Article written for the Multiply Network.
In late November and early December last year, a group of youth from the Jesus Fellowship went to Machilipatnam, Andhra Pradesh, in India. They visited Berachah Children’s Home, a ministry led by pastor Kiran Paul that houses and helps 180 children. The Home is supported by the Multiply Network.
Honor Hunter was really impacted by being in India for the first time. “When we arrived I was really tired but I was amazed how beautiful it was,” she says. “It felt like a completely different world. Rice fields and really bright blue birds. The people from Berachah were so welcoming. Kiran Paul, the pastor, was sick in meningitis but still came to the airport to greet us.
“They have hardly anything so they put God first, not possessions. When the children prayed and were so emotional and desperate. Over here, kids don’t get too involved with God. Wealth is too much of a distraction for us. But in India they go through horrible things and they see that God is love and that they need him as an anchor point.”
Sam Bentley, who also joined the trip, agrees. “The kids wept when they worshipped and were passionate for Jesus. God did great things in their lives. Many of them had been rescued from prostitution, many had went through all sorts of horrible things. You’d expect them to be quite broken. But quite contrary, they carried an innocence, even though they didn’t know who we were.”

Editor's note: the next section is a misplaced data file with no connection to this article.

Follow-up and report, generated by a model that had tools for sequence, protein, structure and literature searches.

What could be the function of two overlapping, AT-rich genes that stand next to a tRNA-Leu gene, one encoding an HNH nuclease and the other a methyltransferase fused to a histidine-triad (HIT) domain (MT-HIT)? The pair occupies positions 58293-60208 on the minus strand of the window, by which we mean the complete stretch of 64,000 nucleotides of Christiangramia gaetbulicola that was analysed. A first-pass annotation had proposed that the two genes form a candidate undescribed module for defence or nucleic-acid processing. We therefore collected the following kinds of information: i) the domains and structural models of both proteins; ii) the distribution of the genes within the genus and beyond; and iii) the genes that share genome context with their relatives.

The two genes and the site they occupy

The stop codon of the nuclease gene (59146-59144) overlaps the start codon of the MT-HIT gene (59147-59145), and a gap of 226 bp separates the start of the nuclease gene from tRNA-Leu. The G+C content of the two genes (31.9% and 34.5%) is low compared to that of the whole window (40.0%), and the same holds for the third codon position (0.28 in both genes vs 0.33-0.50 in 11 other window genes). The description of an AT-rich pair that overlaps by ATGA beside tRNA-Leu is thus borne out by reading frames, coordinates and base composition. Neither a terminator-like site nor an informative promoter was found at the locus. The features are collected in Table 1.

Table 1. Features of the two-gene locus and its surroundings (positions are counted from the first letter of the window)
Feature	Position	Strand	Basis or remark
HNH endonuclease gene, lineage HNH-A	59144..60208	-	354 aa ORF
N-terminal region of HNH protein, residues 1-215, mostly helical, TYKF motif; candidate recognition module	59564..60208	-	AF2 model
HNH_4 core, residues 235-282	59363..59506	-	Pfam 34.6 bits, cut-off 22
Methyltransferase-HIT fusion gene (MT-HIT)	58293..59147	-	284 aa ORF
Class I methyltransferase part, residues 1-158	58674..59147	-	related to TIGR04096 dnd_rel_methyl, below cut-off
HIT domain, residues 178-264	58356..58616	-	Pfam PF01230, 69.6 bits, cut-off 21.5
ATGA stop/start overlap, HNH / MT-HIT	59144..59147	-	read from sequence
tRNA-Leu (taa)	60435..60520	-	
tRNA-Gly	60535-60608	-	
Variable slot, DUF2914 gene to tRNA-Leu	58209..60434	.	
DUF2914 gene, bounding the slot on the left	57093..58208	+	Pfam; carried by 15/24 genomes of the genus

Honor adds: “Several of them had no parents, they had been abandoned and sold. One of them had been offered to Berachah by her grandmother for a bag of rice. It’s crazy, no child is getting sold for a bag of rice here in the UK.”
Among other things, the team went to a tip where people lived among the trash to collect metal. There was a small church in the midst of rubbish that provided hope. Honor says: “When we stepped out of the bus we felt a horrible fume and smoke and it was hard to breath. We went onwards to the slums there were children living in poverty, some having HIV. We gave them some egg and milk – probably the only proper meal they would get that day.”
Even though the amount of poverty was heartbreaking, the team was still inspired by their trip. “Indian culture is simpler, and quicker,” says Sam. “Our lives here in the UK are too luxurious. It’s hard to take in the difference.”
“Their way of life and the craziness is attractive,” says Honor. “They’re always on the go. Even though there’s much need they just want to help others and bless others, they were so generous towards us. I love being so dependent on God and I would love to go back.”